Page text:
Following my post of last week asking RCUK to include in the guidelines on their new open access policy a statement disavowing the use of impact factors in assessing funding applications, I wanted to thank everyone who registered their support. I also wanted to provide the text of the letter that was sent yesterday to Alexandra Saxon, RCUK’s Head of Communications. All the signatories are listed below.
As we now know, Alexandra left a comment on that post indicating that RCUK will respond positively by amending the guidelines in accordance with our request. I am grateful to RCUK for such swift action on this and look forward to the revised text with great interest.
I am grateful for the opportunity to comment on the recently published guidelines on the new OA policy of RCUK.
I appreciate the flexibility built into the guidelines, which usefully reiterate the principle that the choice of route to OA remains with the authors and their institution. As the document recognises, this freedom of choice should be an important factor in helping to drive down costs in the developing market for OA publishing, something that is in the long-term interests of both researchers and funders.
For such a move to succeed, the guidelines ask researchers to exercise some adaptability in their choice of journal. However, this is only likely to happen if the community can free itself from its dependency on impact factors. Although, as far as I know, neither RCUK nor any of its associated research councils has an explicit policy of considering impact factors in the assessment of funding applications, the practice of using them to quickly evaluate individuals is widespread and unjustified.
Therefore, to help make a shift away from the culture of dependency on impact factors, I would like to ask RCUK to amend its guidelines to include a statement confirming that Research Councils will explicitly disavow the use of impact factors in the assessment of individuals or applications.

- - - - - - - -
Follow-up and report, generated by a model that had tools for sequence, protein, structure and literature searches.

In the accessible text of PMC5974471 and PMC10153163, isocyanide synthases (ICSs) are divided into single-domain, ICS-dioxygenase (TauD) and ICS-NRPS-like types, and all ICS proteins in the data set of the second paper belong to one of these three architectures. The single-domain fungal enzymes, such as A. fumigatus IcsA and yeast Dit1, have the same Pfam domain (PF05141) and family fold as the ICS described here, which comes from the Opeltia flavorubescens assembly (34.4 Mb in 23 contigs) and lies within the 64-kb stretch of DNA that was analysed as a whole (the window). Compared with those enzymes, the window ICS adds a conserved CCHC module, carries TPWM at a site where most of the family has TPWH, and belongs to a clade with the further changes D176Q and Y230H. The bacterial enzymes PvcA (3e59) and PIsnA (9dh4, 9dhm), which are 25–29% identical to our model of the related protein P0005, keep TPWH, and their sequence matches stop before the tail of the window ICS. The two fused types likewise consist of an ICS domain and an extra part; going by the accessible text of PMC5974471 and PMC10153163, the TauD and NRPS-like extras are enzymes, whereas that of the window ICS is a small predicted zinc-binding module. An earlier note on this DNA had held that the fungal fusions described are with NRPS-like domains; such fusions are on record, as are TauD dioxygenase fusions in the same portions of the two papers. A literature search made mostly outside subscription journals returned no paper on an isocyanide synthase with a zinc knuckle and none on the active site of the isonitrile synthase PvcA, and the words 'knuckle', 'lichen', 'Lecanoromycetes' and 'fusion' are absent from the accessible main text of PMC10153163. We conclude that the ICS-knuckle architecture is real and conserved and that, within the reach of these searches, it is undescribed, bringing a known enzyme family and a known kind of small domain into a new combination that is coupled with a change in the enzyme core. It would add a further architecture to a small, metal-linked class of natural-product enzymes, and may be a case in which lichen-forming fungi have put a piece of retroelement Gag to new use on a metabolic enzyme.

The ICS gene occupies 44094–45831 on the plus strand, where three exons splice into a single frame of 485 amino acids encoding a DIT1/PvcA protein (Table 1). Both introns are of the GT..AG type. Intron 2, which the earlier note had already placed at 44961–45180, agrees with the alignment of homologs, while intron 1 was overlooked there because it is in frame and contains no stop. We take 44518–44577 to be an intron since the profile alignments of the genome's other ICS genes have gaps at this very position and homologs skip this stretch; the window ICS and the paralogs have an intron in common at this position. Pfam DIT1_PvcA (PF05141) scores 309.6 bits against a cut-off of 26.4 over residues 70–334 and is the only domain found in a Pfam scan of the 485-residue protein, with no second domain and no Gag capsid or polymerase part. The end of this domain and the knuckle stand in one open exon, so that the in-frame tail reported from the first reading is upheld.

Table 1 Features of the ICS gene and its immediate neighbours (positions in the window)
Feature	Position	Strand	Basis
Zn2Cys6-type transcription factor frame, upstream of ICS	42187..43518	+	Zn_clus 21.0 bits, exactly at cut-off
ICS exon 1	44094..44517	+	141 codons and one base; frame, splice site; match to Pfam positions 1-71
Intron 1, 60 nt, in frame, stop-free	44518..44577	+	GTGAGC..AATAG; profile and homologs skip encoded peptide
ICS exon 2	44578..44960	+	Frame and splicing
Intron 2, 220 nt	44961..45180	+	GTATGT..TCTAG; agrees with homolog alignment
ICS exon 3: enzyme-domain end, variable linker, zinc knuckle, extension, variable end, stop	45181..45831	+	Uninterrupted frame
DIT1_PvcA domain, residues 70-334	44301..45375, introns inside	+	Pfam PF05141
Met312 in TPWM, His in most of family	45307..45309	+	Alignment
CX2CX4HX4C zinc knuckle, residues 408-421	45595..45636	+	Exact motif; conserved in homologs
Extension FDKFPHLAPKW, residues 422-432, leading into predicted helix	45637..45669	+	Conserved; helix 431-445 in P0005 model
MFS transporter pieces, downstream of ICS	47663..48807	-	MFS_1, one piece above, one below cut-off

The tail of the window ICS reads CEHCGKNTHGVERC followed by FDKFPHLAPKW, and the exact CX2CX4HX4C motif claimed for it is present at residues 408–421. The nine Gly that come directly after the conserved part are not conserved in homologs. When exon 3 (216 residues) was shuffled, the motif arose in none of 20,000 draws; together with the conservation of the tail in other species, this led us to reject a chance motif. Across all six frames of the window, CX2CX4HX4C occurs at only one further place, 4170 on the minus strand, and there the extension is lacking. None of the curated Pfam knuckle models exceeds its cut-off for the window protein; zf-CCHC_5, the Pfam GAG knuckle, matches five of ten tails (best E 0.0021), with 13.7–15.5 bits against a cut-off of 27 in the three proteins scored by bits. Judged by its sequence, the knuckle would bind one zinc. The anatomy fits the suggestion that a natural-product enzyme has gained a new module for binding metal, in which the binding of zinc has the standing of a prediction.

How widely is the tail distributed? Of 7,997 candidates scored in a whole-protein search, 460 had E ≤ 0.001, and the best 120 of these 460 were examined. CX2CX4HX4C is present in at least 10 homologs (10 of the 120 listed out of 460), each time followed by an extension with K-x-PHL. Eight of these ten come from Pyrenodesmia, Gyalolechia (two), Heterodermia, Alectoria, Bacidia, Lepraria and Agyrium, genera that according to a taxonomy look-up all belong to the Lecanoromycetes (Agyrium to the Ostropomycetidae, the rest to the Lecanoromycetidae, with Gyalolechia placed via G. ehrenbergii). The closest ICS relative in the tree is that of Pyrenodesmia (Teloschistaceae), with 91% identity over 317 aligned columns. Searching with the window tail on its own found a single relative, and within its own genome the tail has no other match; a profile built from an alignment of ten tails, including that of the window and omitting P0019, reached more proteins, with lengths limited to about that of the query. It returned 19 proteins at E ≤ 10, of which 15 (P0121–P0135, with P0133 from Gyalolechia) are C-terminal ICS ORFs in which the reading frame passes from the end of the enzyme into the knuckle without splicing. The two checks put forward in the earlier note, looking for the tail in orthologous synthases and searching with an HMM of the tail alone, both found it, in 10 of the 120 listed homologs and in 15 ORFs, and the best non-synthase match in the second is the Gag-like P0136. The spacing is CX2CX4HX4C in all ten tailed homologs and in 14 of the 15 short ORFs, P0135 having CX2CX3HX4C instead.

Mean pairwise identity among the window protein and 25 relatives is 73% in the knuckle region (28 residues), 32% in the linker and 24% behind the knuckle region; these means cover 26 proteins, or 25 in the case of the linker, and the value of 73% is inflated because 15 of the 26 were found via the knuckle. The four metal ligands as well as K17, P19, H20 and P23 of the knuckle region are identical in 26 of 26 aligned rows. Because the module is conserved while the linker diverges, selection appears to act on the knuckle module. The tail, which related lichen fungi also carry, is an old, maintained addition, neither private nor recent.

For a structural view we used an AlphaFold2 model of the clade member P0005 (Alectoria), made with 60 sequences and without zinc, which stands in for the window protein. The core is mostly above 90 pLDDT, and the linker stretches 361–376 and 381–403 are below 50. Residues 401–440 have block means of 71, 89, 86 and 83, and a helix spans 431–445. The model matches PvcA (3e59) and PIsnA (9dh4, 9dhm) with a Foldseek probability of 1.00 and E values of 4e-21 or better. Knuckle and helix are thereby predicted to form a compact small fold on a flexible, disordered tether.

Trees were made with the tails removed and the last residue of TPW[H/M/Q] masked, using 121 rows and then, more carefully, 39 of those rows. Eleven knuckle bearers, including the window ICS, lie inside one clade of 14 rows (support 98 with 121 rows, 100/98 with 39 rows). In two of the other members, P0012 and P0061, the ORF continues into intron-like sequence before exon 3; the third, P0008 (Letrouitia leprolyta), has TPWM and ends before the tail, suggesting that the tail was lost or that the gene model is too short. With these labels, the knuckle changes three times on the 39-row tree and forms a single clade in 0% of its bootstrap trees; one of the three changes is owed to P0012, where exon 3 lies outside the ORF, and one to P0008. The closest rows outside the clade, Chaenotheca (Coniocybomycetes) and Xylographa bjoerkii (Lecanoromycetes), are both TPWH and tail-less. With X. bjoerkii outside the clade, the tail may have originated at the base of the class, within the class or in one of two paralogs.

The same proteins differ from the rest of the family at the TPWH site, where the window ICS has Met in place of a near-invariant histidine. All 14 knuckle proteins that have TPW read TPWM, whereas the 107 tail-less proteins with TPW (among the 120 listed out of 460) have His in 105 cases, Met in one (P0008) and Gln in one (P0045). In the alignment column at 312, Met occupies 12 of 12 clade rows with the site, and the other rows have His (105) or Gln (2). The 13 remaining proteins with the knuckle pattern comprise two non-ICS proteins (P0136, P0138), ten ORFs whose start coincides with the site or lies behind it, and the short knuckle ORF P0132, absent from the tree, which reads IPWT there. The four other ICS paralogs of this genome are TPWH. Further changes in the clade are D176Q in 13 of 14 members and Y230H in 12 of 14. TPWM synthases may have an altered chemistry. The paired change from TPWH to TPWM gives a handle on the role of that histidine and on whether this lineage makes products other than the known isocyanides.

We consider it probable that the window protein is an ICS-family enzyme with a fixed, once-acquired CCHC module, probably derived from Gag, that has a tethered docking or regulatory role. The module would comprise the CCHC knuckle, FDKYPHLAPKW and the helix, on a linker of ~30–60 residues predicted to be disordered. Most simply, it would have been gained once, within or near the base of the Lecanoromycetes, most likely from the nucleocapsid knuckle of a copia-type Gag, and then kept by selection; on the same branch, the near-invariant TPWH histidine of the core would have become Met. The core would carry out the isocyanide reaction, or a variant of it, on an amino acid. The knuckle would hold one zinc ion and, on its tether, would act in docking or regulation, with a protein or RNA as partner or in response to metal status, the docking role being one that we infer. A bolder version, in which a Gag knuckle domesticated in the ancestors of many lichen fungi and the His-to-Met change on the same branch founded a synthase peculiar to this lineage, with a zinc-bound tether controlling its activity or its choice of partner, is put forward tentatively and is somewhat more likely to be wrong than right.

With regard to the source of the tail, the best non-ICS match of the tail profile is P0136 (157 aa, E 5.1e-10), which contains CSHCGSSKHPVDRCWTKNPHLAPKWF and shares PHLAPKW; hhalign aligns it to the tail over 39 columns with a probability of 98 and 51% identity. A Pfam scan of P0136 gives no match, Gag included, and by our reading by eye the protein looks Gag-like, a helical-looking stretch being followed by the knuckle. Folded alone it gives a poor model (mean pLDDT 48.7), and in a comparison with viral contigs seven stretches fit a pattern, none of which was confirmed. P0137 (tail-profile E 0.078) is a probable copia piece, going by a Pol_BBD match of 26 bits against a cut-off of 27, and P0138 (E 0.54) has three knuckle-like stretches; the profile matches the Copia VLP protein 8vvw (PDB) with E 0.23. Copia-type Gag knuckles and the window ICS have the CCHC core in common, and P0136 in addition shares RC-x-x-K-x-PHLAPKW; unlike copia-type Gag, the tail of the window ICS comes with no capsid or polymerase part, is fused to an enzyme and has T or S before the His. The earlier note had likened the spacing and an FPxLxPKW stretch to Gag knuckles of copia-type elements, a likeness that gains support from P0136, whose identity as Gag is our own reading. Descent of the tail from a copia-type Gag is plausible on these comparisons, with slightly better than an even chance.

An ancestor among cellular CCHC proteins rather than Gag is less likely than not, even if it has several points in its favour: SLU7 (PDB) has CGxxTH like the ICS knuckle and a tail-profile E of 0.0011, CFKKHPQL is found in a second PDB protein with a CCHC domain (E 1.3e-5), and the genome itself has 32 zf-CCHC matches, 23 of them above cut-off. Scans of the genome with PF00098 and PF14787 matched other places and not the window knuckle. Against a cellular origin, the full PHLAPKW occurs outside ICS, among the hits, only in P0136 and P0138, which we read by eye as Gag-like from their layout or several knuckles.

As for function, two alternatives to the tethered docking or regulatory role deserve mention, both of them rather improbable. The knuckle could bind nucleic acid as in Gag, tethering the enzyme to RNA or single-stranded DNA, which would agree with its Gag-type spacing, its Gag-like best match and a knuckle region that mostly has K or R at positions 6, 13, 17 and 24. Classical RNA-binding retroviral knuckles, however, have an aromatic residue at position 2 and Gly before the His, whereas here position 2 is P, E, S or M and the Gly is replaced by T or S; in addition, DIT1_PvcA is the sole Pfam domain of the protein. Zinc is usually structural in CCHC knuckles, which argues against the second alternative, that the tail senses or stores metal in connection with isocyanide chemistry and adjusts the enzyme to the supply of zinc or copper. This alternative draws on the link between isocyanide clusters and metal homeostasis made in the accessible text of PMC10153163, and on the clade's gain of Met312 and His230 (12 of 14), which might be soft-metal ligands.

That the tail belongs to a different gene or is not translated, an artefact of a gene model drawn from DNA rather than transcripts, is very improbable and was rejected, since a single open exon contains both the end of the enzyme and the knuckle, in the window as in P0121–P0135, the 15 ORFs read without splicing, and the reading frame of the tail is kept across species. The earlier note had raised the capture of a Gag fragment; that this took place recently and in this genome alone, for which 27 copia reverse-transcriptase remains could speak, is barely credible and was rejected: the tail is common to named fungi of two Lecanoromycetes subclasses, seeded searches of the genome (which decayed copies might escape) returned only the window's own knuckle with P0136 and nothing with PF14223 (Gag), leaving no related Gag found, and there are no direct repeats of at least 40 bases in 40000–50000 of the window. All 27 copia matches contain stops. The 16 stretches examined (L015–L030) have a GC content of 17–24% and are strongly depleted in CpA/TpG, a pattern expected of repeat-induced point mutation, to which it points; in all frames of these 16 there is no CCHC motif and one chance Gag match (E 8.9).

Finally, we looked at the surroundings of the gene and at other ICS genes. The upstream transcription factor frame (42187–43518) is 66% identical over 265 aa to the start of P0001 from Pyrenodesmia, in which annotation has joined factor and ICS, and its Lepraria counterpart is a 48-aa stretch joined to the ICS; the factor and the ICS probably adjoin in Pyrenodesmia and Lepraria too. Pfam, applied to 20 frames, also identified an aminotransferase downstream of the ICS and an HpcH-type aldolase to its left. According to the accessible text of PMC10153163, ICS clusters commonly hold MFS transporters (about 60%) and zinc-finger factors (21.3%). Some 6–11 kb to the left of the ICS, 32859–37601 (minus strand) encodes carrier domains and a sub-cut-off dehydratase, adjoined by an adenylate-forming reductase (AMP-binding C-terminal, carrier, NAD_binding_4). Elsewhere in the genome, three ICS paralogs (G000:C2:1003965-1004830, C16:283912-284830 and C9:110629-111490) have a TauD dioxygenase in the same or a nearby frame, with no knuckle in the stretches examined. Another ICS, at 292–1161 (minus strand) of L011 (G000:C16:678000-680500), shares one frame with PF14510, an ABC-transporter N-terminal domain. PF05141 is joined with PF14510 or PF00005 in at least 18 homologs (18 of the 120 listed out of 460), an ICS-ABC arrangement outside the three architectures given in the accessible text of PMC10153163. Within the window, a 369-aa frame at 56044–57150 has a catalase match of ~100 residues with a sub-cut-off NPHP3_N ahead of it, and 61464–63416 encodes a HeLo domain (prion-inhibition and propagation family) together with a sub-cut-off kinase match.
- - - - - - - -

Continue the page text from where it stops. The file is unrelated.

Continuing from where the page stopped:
As you know I raised this issue in a recent blogpost, where the rationale behind this request is laid out in more detail. I also used this blogpost to recruit support for my request and all those who indicated their agreement, either in the comment thread or directly by email, are listed as co-signatorties here. That list would no doubt have been longer if you hadn’t offered prompt and welcome reassurance that action to comply with this request would be taken. We look forward to the revised document.
Stephen Curry, Imperial College
Tom Olijhoek, OKF Open Access Working Group
Jon Butterworth, UCL
Richard Harvey, Kings College London
Fional Nielsen, Illumina UK
Peter Quinn, Kings College London
Dave Barlow, Kings College London
Richard Johnson, Swansea University
Sylvia McLain, University of Oxford
Athene Donald, University of Cambridge
Dorothy Bishop, University of Oxford
M Jayne Lawrence, Kings College London
Tamsin Mather, University of Oxford
Peter Murray-Rust, University of Cambridge
Graham Steel, Glasgow
Mike Taylor, University of Bristol
Steve Pettifer, University of Manchester
Paula Salgado, University of Newcastle
Chris Chambers, Cardiff University
Julia Bardos, University of Cambridge
Ross Mounce, University of Bath, OKF
Mike Fowler, Swansea University
Alfonso Martinez Arias, University of Cambridge
Samuel Furse, University of Nottingham
Jim Till, Ontario Cancer Institute, Canada
Jonathan Peelle, Washington University, USA
Jim Woodgett, Samuel Lunenfeld Research Institute, Toronto, Canada